FAQs for the Bachelor’s Programme in Biomedicine

Cutting straight to the chase, I’ve taken the liberty of dividing this FAQ list into sections to make it easier for you.

  • Application & Admission
  • Pre-arrival
  • Student life & Stockholm
  • Academics
  • Future prospects

Important disclaimers: this blog is not an official source of information, nor do I speak for Karolinska Institutet. If you find an inconsistency between this blog and official sources then please follow the official source, and let me know! The information here is subject to change 🙂

My main official sources in this blog are:

Don’t forget that KI has a FAQ page for the Global Bachelor’s Programmes. Check that out first 🙂 This blog is a complement to the official source, and I’ve tried to cut away redundant information.

Quick tip: looking for something specific? Do a Ctrl + F or Command + F for a quick search for keywords.

Application & Admission

What are my financial aid options?

You can look at the Scholarships page on KI’s website. You can also look at your own country’s system for offering aid to students who want to study abroad.

How do I know if my grades match the entry requirements?

You can find information on how your education converts to the Swedish system of merit points on the universityadmissions.se website. There are relevant links and details on KI’s Admissions to Global Bachelor’s Programmes webpage as well.

What are my chances of getting accepted?

While there are no official “cut-off” points, you can look at the historical lowest merit value points on: https://statistik.uhr.se/ (Application rounds are called IKHT for the January round and HT for the April round).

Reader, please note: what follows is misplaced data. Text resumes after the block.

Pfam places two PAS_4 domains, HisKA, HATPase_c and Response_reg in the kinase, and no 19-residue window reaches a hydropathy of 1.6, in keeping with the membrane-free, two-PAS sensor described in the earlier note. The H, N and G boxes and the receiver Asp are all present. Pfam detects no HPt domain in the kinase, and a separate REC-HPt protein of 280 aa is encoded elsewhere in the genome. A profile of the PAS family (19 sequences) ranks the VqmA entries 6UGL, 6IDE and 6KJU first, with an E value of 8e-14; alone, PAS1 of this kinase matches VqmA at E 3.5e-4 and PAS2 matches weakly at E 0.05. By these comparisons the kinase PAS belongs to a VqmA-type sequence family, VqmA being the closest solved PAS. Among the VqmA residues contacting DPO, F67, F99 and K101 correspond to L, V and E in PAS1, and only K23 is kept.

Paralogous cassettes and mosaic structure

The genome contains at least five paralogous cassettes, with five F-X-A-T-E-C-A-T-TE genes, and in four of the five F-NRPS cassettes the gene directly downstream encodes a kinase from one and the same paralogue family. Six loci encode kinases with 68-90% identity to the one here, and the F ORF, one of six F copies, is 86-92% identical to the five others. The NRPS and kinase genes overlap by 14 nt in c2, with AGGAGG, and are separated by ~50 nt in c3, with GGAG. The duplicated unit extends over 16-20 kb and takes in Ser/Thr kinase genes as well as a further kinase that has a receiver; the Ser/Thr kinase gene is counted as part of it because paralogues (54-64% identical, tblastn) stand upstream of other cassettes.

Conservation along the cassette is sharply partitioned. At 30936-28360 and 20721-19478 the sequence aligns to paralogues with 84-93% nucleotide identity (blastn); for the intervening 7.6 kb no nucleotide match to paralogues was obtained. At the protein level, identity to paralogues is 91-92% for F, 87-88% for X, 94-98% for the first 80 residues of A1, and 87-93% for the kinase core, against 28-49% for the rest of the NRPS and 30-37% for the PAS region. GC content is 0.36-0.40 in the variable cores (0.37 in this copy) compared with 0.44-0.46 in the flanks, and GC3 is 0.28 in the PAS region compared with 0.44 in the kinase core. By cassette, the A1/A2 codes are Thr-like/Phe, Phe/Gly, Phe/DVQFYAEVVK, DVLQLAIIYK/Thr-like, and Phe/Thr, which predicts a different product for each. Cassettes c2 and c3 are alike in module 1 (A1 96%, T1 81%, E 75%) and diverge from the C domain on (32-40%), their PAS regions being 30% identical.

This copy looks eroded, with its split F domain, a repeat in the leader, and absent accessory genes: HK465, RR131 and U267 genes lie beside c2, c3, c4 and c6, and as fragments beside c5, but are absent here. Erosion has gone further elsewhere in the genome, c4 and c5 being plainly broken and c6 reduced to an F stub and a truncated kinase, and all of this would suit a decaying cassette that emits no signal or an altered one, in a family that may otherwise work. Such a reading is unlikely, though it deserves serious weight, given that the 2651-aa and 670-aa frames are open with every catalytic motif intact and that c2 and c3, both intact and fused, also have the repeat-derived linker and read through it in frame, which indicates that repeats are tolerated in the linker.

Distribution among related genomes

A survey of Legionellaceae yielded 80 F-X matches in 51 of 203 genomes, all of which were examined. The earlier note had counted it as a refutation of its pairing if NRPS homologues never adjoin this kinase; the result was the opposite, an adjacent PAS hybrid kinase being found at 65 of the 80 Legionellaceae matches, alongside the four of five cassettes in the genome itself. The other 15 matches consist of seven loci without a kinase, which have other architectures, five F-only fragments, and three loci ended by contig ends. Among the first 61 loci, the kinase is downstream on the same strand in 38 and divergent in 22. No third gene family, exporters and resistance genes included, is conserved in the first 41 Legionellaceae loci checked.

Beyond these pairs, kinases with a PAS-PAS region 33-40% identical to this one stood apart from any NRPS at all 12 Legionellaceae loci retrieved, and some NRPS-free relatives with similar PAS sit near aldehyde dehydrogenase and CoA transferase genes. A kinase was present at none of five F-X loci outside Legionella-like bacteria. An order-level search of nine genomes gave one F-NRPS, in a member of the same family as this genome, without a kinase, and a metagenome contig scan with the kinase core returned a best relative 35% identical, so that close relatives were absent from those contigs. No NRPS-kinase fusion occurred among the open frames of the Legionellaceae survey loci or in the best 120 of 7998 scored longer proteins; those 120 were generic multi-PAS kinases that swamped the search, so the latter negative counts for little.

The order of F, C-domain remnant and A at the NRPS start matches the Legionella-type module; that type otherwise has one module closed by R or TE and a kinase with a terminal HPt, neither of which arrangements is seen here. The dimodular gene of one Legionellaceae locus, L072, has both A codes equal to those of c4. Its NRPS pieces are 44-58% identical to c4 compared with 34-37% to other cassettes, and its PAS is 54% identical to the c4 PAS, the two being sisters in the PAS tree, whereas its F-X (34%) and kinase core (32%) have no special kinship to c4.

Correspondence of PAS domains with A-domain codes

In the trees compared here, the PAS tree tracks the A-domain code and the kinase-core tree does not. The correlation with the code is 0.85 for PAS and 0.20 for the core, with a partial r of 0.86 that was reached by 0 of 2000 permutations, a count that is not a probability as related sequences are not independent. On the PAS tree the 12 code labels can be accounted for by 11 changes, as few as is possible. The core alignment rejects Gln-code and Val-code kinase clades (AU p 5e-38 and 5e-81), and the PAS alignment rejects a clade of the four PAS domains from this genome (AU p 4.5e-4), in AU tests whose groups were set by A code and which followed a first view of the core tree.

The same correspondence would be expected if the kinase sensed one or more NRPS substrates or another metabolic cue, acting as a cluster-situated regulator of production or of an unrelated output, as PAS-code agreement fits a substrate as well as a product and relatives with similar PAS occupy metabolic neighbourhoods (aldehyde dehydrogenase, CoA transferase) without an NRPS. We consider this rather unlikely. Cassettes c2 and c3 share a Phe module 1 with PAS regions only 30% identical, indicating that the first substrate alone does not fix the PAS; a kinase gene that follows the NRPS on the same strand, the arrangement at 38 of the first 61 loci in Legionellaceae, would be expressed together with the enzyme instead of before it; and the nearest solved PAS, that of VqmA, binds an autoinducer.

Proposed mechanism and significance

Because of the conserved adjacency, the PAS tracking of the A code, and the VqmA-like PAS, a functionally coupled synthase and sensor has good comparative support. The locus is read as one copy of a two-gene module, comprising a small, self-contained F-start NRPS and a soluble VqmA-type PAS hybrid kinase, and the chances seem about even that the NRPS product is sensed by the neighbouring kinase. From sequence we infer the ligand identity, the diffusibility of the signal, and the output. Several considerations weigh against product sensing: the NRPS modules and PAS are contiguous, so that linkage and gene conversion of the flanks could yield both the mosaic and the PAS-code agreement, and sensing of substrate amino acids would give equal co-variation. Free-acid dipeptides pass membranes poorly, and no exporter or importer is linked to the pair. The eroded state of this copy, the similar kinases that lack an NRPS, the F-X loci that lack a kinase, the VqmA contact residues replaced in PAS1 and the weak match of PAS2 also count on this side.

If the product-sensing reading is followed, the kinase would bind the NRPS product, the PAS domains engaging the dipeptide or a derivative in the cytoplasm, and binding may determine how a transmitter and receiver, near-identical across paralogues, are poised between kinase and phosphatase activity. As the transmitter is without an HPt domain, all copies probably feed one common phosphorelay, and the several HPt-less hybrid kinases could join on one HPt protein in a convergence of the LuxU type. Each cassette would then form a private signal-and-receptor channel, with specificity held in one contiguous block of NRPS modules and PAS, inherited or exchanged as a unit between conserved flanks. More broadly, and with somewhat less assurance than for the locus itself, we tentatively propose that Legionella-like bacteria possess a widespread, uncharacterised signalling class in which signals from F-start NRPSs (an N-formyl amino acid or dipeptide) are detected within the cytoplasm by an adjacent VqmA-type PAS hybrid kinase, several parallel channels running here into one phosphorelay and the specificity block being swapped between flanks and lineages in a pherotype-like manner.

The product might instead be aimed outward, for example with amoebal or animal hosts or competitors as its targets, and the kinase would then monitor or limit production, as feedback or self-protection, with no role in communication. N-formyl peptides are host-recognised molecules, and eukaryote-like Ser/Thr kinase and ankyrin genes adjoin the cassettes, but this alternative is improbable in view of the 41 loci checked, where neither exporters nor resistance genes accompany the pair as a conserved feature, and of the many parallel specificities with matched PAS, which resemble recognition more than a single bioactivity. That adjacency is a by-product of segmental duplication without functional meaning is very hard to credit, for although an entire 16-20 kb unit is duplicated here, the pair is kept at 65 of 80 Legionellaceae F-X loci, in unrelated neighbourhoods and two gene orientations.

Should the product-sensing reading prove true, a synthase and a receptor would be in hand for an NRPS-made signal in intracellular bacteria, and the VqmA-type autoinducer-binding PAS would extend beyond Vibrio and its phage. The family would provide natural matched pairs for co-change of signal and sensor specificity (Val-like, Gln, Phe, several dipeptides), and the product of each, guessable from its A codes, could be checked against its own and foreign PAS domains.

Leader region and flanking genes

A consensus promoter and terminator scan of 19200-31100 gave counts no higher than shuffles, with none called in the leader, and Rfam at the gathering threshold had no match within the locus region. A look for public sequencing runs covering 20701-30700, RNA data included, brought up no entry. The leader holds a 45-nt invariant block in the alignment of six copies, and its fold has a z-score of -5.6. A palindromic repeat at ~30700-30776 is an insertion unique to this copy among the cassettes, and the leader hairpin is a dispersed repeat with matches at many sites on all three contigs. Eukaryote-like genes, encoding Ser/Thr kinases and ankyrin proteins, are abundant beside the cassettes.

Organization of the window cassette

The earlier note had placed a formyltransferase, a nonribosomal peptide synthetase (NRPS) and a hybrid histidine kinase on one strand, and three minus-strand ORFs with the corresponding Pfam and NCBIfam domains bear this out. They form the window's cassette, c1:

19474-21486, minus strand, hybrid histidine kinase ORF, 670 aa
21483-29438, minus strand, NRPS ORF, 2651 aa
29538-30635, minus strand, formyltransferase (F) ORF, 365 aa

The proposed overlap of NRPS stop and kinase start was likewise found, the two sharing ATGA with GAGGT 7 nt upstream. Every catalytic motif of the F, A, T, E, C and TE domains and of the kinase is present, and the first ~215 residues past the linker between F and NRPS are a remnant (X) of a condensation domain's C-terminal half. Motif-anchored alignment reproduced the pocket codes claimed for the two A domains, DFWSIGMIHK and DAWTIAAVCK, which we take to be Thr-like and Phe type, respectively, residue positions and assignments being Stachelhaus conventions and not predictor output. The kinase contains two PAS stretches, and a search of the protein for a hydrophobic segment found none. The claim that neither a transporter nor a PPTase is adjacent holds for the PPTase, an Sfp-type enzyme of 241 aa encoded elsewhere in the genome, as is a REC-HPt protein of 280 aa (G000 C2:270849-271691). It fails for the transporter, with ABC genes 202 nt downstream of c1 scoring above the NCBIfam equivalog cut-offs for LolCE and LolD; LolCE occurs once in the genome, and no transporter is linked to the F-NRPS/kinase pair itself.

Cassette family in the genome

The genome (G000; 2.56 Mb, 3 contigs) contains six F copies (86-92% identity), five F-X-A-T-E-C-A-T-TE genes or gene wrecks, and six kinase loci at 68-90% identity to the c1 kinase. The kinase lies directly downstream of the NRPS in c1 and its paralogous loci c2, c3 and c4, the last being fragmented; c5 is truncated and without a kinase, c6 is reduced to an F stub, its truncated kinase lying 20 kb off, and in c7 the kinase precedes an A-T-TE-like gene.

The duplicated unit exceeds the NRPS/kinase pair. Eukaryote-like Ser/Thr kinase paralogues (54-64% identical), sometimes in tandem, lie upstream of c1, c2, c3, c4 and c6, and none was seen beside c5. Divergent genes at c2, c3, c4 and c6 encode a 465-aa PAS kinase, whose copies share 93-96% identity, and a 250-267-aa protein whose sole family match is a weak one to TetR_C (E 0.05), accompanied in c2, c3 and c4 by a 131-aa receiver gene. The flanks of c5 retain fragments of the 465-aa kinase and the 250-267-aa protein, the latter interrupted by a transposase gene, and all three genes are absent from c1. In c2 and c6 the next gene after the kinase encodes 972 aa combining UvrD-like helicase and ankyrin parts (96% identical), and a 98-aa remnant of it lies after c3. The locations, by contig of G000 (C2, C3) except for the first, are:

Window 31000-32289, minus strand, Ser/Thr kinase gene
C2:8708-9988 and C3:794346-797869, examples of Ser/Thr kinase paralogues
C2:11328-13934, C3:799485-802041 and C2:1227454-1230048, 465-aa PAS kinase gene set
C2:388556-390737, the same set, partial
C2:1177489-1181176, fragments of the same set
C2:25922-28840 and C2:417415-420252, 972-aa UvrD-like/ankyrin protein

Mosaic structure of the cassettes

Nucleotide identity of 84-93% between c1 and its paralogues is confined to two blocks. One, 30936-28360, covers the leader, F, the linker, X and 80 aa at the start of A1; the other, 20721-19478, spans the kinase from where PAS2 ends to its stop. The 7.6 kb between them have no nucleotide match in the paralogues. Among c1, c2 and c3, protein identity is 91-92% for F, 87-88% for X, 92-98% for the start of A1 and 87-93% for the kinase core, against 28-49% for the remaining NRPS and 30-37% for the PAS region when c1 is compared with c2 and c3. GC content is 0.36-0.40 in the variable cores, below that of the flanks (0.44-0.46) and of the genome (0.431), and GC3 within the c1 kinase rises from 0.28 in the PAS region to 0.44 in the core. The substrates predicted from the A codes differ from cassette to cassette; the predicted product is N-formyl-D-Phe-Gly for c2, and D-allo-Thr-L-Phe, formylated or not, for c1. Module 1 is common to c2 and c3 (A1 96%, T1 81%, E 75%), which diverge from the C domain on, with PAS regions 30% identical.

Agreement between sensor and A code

Which application round should I apply in?

You should look at the programme website to decide which application round you are best suited for. You can also explore the universityadmissions.se page on why you may not be able to apply in your last year of high school. There is more KI specific information available on the FAQ page.

Is my English good enough for this programme?

Whilst the Bachelor’s Programme in Biomedicine is offered entirely in English, I would say that the complexity of the topics lies in the content rather than the language. A command of the English language is an asset, however, as the coursework involves reading scientific papers, writing reports, and making presentations. As the programme website states: “Proficiency in English equivalent to the Swedish upper secondary school course English 6/English B.” is an entry requirement

How does the selection work? 

Information for the selection process for The Bachelor’s Programme in Biomedicine is provided on the Admissions Information page.


Where should I look for housing?

Stockholm is a pretty well-connected city with easily reachable suburbs so you can live almost anywhere. For leads, check out Mireia’s video on housing options or explore the innumerable accommodation blog posts written by digital ambassadors over the years.

These are the things I like to look for:

  • A grocery store nearby (ICA, Hemköp, Willys, Coop, etc.)
  • Public transport options
  • Can I bike to important places?
  • Connections to T-Centralen and Odenplan Station
  • Distance from KI

You can look at this Things I wish I knew about transport in Stockholm and Yeung’s video on Stockholm Transportation for more info on how to check whether your housing candidates are well connected!

Are we mostly on the Solna campus or the Flemingsberg campus?

The Bachelor’s Programme in Biomedicine consists of many courses which are held in either the Solna or the Flemingsberg campuses. So far (I’m in my 2nd year) we have primarily been in Solna! The Flemingsberg campus is reachable by KI’s commuter bus (free for students).

What is the student community like in Stockholm?

Stockholm’s student community is quite large. Karolinska Institutet, KTH, and Stockholm University are just some of the big universities here. It’s easy to move around, find things to do, make friends, and more. If you want more information on Stockholm, here’s a blog from Inés about why she likes Stockholm, and here’s a webpage about studying in Stockholm.

Student life & Stockholm